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Updated: 17 min 10 sec ago
The surge in stock futures, which extends that global market rally starting in Japan, suggests investors will be treated to a number of record highs at the open.
Madison Square Gardens shares surged more than 3% in premarket trade Friday, after the company's fiscal first-quarter revenue blew past estimates.
The National Football League on Thursday asked a judge to toss out a lawsuit filed by former players who allege team officials gave them powerful painkillers and other drugs to keep them on the field without regard for their long-term health.
Welcome to New York, Taylor Swift! The locals are kvetching about you already.
The Vatican revealed a closely kept secret Thursday: The Sistine Chapel's precious frescoes were starting to turn white from the air pollution caused by so many visitors passing through each day to marvel at Michelangelo's masterpiece.
New York City's disease detectives were off and running the moment the call came in from a doctor who suspected he had Ebola.
Hilton Worldwide Holdings Inc. said it's lifting its 2014 outlook after earnings beat Wall Street forecasts.
Omega Healthcare is buying rival real estate investment trust Aviv in an all-stock deal worth about $3 billion.
The Commerce Department releases its September report on consumer spending, which accounts for 70 percent of economic activity.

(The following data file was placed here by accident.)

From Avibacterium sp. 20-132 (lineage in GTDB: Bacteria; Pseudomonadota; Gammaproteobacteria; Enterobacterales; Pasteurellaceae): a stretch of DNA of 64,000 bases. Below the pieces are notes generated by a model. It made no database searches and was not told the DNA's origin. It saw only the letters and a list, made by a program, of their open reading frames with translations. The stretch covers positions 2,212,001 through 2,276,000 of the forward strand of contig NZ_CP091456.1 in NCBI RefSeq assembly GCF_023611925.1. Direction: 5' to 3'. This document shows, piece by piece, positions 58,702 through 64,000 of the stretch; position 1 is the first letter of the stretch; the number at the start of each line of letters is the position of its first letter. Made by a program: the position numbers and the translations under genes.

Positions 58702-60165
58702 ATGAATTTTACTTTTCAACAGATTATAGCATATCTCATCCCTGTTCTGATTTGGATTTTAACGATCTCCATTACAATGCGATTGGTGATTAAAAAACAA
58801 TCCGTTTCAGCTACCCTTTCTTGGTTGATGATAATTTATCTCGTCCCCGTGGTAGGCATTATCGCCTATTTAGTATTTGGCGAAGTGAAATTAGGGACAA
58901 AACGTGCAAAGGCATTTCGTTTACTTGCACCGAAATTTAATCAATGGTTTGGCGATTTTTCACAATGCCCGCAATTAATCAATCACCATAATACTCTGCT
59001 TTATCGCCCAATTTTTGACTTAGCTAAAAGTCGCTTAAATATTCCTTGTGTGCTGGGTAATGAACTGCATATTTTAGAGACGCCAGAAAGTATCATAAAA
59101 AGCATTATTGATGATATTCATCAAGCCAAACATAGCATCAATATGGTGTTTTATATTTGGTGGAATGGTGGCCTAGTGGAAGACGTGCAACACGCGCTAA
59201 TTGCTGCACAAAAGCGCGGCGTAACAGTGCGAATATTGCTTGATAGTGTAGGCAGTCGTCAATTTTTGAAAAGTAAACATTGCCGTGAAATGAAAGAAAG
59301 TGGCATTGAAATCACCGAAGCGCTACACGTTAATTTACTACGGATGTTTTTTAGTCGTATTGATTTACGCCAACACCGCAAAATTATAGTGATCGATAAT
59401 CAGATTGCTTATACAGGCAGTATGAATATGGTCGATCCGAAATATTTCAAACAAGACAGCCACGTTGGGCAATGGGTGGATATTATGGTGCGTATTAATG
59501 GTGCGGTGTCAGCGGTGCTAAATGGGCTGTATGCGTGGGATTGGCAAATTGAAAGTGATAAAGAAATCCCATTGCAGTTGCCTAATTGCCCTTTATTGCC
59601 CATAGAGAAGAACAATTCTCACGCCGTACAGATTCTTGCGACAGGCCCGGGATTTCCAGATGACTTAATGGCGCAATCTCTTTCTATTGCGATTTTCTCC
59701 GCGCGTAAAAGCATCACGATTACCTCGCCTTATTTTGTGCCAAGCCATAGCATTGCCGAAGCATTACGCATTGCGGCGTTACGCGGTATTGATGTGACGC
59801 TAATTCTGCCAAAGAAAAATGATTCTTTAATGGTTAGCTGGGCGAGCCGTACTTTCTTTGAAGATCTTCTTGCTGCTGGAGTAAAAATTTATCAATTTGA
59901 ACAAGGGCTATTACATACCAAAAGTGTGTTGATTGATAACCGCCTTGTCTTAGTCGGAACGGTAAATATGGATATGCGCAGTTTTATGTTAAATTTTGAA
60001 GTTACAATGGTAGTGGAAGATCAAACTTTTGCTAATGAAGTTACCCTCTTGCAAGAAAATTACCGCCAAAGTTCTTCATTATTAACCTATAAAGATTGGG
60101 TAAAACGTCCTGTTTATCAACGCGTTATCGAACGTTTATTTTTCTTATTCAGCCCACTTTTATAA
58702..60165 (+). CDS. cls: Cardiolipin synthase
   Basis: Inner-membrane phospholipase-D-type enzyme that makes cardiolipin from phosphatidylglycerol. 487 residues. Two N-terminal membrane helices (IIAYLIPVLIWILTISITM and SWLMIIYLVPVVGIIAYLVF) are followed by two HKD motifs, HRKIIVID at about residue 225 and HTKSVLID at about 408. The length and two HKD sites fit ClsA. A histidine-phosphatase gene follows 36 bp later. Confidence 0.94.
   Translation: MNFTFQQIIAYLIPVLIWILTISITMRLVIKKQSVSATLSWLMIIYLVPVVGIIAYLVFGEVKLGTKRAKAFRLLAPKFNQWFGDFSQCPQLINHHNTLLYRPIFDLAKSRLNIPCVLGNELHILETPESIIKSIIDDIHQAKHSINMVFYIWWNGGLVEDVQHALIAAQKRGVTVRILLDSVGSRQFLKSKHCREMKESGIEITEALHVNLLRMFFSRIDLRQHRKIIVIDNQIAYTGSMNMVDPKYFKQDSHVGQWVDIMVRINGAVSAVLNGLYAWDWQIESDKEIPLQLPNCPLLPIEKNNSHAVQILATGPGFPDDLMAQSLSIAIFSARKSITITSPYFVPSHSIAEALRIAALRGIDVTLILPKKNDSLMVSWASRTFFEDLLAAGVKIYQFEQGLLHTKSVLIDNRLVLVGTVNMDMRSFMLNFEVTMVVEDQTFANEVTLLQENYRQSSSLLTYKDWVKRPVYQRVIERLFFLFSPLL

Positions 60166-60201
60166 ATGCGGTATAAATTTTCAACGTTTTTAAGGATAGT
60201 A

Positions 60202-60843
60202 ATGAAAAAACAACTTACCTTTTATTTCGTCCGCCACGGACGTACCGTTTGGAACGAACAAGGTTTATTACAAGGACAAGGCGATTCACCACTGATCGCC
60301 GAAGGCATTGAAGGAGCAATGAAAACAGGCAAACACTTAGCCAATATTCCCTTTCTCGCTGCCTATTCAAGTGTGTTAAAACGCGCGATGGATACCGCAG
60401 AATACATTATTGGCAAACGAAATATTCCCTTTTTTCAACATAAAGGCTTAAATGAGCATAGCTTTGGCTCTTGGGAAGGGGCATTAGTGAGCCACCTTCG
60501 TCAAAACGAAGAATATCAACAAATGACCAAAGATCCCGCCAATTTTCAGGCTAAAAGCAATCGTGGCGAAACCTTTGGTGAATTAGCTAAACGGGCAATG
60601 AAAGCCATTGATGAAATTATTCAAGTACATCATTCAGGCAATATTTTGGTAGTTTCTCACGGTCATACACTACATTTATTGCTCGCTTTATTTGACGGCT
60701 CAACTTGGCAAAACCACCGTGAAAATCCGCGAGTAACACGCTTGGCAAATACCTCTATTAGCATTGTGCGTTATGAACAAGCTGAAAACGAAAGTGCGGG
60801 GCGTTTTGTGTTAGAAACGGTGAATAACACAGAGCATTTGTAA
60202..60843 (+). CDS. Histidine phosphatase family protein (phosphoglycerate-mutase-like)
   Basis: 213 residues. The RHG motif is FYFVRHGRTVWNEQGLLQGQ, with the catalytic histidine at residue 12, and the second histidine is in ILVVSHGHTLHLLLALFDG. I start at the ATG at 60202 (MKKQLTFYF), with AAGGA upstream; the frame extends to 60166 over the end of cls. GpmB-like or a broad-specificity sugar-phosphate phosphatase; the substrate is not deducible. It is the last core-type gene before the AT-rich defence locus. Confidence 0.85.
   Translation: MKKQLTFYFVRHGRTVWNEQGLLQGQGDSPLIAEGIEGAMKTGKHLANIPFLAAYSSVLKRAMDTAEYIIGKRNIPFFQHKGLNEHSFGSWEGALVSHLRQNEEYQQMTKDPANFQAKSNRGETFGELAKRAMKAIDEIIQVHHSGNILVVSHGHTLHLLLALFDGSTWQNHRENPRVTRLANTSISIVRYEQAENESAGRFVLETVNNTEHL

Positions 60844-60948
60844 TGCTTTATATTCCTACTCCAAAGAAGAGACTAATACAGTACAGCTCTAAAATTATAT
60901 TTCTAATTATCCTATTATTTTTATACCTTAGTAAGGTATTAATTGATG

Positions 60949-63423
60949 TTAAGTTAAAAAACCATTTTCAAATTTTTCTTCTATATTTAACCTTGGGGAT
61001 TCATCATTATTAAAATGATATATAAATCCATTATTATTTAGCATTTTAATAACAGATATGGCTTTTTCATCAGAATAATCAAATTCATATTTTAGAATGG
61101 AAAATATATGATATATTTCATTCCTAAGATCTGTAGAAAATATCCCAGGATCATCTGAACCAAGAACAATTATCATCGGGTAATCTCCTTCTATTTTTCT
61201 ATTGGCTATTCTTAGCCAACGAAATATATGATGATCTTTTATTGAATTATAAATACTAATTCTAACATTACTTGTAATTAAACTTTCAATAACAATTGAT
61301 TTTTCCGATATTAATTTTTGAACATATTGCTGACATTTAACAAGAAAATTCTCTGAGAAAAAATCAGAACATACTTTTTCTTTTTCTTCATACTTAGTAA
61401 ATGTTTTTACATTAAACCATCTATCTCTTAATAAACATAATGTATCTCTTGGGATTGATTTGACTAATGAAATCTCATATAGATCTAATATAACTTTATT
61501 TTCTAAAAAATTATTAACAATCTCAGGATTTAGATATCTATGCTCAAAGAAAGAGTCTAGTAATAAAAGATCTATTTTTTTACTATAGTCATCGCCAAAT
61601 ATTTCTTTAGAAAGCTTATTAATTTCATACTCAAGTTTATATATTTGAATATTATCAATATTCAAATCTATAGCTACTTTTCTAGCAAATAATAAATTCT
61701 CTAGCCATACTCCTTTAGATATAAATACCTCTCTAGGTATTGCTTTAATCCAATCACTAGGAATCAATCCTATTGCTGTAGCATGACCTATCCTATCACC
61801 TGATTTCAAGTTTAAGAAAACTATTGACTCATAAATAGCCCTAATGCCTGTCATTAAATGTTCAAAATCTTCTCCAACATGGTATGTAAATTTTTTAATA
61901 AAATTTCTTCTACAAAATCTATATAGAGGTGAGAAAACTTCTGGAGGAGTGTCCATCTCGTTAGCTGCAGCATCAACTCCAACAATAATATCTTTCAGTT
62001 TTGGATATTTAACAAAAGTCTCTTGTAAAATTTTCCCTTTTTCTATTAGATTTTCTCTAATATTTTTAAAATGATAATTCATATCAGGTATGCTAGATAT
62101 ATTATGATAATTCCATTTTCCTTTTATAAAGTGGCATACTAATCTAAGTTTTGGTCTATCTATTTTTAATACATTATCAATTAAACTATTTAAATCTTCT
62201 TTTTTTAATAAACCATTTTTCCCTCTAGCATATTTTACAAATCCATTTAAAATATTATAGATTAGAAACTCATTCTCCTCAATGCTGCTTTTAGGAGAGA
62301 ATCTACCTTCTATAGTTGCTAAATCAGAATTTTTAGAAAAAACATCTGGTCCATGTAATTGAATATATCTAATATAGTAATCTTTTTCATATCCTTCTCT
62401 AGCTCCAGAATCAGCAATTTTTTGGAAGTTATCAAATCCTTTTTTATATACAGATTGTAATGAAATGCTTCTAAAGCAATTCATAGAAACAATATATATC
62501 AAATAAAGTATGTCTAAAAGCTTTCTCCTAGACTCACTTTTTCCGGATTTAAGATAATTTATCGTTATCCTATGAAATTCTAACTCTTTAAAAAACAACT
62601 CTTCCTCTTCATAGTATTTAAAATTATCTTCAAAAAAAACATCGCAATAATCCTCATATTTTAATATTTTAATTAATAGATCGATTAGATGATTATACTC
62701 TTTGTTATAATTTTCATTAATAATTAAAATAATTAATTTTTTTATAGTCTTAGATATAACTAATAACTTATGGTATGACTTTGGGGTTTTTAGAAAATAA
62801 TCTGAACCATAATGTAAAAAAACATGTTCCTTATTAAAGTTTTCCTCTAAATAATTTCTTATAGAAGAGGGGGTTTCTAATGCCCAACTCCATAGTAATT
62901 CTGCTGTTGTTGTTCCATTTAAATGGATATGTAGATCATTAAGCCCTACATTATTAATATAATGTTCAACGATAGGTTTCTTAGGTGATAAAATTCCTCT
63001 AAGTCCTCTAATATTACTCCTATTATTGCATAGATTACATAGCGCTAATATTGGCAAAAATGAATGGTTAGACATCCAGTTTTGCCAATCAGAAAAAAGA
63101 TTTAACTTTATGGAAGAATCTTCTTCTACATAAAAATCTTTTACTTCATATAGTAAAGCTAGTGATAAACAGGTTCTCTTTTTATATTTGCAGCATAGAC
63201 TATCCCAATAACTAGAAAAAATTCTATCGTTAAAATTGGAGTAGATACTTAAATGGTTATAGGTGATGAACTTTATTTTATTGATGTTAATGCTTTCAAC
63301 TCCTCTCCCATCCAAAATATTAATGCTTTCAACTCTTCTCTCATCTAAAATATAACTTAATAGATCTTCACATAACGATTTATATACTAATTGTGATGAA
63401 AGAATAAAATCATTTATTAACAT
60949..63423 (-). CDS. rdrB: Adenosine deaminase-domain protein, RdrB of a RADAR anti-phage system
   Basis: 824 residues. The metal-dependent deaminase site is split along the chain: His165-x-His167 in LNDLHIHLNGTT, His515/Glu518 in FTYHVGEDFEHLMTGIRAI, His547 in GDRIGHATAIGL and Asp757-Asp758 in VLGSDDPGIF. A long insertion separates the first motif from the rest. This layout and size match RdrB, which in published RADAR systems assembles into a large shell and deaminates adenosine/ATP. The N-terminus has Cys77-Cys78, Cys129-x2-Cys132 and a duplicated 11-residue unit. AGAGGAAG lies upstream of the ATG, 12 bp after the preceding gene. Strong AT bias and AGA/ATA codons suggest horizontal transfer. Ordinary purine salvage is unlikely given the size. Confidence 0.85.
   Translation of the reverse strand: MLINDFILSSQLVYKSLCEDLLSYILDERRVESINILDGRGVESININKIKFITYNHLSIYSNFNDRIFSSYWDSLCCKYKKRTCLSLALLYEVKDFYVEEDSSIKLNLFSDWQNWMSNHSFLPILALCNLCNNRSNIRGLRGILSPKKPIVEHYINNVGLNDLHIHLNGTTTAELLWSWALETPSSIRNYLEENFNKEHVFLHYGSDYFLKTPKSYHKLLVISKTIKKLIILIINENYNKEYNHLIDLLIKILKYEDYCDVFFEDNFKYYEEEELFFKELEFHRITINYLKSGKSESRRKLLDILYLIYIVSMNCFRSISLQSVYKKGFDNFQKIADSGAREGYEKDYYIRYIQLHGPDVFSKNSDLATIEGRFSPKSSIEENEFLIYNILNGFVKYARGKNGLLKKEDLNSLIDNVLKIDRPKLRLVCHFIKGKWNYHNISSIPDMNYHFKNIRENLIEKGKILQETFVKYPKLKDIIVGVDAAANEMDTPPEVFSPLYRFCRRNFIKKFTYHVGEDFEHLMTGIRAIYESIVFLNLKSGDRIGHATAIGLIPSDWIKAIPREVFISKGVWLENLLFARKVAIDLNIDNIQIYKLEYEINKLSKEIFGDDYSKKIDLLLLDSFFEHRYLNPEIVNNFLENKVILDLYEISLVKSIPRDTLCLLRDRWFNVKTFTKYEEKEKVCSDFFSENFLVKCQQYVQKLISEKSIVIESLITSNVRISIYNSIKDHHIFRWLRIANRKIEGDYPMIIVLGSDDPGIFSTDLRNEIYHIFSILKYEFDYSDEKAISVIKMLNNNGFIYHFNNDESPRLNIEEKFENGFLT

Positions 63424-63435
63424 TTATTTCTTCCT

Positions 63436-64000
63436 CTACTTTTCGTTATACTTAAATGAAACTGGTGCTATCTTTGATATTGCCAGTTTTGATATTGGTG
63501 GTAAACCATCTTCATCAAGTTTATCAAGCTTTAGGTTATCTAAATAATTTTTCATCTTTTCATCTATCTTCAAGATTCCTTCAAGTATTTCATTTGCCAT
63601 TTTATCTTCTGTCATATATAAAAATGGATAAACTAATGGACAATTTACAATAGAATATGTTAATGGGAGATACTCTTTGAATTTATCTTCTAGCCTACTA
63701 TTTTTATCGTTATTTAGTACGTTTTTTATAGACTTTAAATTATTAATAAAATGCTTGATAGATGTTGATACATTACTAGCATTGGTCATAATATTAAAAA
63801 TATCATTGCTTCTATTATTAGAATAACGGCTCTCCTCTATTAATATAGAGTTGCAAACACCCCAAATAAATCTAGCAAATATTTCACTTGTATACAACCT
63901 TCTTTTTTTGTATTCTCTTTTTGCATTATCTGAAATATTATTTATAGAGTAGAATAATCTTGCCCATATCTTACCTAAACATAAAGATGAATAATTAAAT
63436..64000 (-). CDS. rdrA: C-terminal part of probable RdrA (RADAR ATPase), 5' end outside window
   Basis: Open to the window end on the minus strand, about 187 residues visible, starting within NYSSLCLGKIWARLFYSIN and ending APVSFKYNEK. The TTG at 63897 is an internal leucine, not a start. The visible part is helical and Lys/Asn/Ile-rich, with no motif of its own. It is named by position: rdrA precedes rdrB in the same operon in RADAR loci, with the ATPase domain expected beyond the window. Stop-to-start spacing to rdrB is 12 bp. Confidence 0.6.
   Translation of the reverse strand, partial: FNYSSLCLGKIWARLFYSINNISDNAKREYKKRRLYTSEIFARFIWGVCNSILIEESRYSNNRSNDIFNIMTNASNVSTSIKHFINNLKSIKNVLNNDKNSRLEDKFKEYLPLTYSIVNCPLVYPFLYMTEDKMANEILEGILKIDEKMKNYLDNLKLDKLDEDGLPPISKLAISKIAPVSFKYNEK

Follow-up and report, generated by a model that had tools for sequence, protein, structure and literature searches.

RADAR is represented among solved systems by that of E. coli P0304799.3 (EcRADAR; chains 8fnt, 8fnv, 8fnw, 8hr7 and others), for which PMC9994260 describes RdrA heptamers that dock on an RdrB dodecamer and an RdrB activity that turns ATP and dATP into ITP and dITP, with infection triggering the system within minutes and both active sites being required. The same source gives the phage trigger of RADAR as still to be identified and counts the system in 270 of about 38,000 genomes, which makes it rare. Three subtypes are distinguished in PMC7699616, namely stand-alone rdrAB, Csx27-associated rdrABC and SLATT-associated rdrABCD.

A federal judge has ruled that investors who lost money in a fraud scheme will receive most of their money back.
Royal Bank of Scotland, which is majority-owned by the U.K. government, has set aside 400 million pounds ($639 million) to cover potential fines arising from international investigations into alleged manipulation of foreign currency trading.
Hungary's prime minister says the government will suspend a planned tax on Internet use and reconsider the matter next year.
U.S. stock futures continued to push higher on Friday, though pulling back slightly from a levels seen in Asia trade after the Bank of Japan shocked the market by expanding the pace of its quantitative easing.
The average price of gasoline in the U.S. hit $3 a gallon Friday, and should soon drop below the benchmark for the first time since December 2010.
Japan is pumping more money into its lagging economy, expanding an already lavish stimulus effort.
AB InBev SA, the world's largest beer maker, has reported a 5.5-percent increase in earnings for the third quarter, as higher selling prices more than made up for volume declines in Europe and Asia.
A government watchdog agency says Medicare's prescription drug program kept paying for costly medications even after patients were dead.
Sony Corp. says losses for July-September ballooned to 136 billion yen ($1.2 billion) as the Japanese electronics and entertainment company's troubled mobile phone division reported huge red ink.
Japan's Nikkei 225 stock average surged 5 percent and the yen slid against the dollar after the Bank of Japan unexpectedly announced new stimulus to boost a flagging economic recovery.
In an unexpected move, the Bank of Japan's policy board voted by a 5-to-4 margin to expand the pace of its quantitative easing, sending Tokyo stocks soaring and the Japanese yen falling sharply.